Tax-Smart Ways to Help Your Kids or Grandkids Pay for College

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Tax-Smart Ways to Help Your Kids or Grandkids Pay for College
Estimated Annual Future College Costs
Current AgeIn-State PublicOut-of-State PublicPrivate
16$26,417$46,021$60,468
14$29,682$51,709$67,942
12$33,351$58,100$76,339
10$37,473$65,281$85,775
8$42,104$73,350$96,377
6$47,308$82,416$108,289
4$53,156$92,603$121,673
2$59,726$104,049$136,712

Nota bene: Do you want to know how much it will cost to send your kid or grandchild to college? Use the College Savings Plans Network’s College Cost Calculator.

Keep in mind that these prices are for a single year; the amount of years your kid attends college will depend on the degree(s) they choose to pursue. While many students may be eligible for financial assistance, scholarships, and grants to assist with college expenses, there are a number of methods to reduce college prices.

One of the simplest methods to invest money put aside for your kid or grandchild’s college years is in tax-advantaged investment vehicles. These plans and accounts enable you to save for your child’s or grandchild’s education while concealing the funds from the IRS to the greatest extent feasible.

529 Plans

“Using a 529 college plan is one of the finest ways to aid a kid financially while lowering your personal tax obligation,” says Sam Davis, partner/financial adviser at TBH Global Asset Management. A 529 plan is a tax-advantaged investment plan that allows families to save for a beneficiary’s future education expenses.

Contributions to the plans are restricted to after-tax monies. Each year, you may donate up to the annual exclusion amount, which is $15,000 in 2021. (the “annual exclusion” is the maximumamount you can transfer by gift, in the form ofcash or other assets, to as many people as you wish,without incurring a gift tax).In 2022, the sum will be increased to $16,000. All withdrawals from a 529 plan are tax-free as long as they are spent for eligible educational costs (most states offer tax-free withdrawals, as well).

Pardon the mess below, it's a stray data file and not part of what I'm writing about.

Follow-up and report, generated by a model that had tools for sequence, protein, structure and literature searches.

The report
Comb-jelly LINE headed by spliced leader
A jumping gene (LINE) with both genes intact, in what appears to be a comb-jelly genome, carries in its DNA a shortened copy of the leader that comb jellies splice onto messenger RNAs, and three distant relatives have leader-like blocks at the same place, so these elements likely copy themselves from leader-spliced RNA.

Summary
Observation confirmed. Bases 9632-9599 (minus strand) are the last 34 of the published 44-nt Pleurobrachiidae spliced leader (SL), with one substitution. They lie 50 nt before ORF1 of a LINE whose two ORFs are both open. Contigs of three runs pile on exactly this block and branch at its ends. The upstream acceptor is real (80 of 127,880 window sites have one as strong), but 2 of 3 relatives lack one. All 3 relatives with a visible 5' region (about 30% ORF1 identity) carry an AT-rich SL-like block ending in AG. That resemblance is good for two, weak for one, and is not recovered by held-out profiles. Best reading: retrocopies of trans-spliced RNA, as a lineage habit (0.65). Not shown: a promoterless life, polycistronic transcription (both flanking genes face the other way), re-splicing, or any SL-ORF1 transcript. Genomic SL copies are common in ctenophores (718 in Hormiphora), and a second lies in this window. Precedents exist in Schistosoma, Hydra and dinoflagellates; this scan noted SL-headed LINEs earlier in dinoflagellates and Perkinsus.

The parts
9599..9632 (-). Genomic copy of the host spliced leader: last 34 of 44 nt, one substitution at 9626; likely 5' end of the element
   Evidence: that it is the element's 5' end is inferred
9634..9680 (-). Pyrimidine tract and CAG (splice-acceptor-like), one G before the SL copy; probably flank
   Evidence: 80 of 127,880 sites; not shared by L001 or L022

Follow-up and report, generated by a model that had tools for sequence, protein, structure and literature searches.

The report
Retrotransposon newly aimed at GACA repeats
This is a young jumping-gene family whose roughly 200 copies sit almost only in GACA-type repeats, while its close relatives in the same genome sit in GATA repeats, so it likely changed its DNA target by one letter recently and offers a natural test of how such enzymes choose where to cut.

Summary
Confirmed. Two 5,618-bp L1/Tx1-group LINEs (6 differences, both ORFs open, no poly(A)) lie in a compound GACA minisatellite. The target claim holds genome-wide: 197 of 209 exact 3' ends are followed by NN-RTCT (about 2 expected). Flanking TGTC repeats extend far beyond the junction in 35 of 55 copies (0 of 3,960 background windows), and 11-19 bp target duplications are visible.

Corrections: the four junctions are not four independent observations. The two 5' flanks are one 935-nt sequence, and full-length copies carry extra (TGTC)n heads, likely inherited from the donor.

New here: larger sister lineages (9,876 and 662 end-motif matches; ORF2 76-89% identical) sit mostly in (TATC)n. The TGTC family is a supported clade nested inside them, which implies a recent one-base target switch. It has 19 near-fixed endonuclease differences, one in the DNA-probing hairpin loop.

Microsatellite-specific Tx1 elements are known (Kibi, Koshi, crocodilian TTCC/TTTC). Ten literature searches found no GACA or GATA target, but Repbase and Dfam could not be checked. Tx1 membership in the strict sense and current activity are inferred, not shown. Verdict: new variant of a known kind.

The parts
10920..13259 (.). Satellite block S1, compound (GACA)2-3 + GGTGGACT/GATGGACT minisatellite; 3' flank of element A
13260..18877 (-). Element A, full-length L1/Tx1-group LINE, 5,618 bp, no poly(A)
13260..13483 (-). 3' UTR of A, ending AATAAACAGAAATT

Those with the means may “superfund” a 529 plan by making five years’ worth of donations at once, per kid, per person, without incurring the gift tax. This implies that a couple of super-rich grandparents, for example, may pay $75,000 each ($150,000 per couple) while a kid is small and let the money grow to cover their whole expenditures. There are intricate restrictions for doing this, so don’t do it unless you have extensive tax guidance.

The Setting Every Community Up for Retirement Enhancement (SECURE) Act, which President Donald Trump signed into law in December 2019, included a number of features aimed at improving retirement and savings programs. Under the new legislation, 529 plan money may now be used to repay up to $10,000 in student debts, as well as to pay for expenditures associated with registered apprenticeship programs.

Types of 529 Plans

There are two types of 529 plans:

College Savings Plans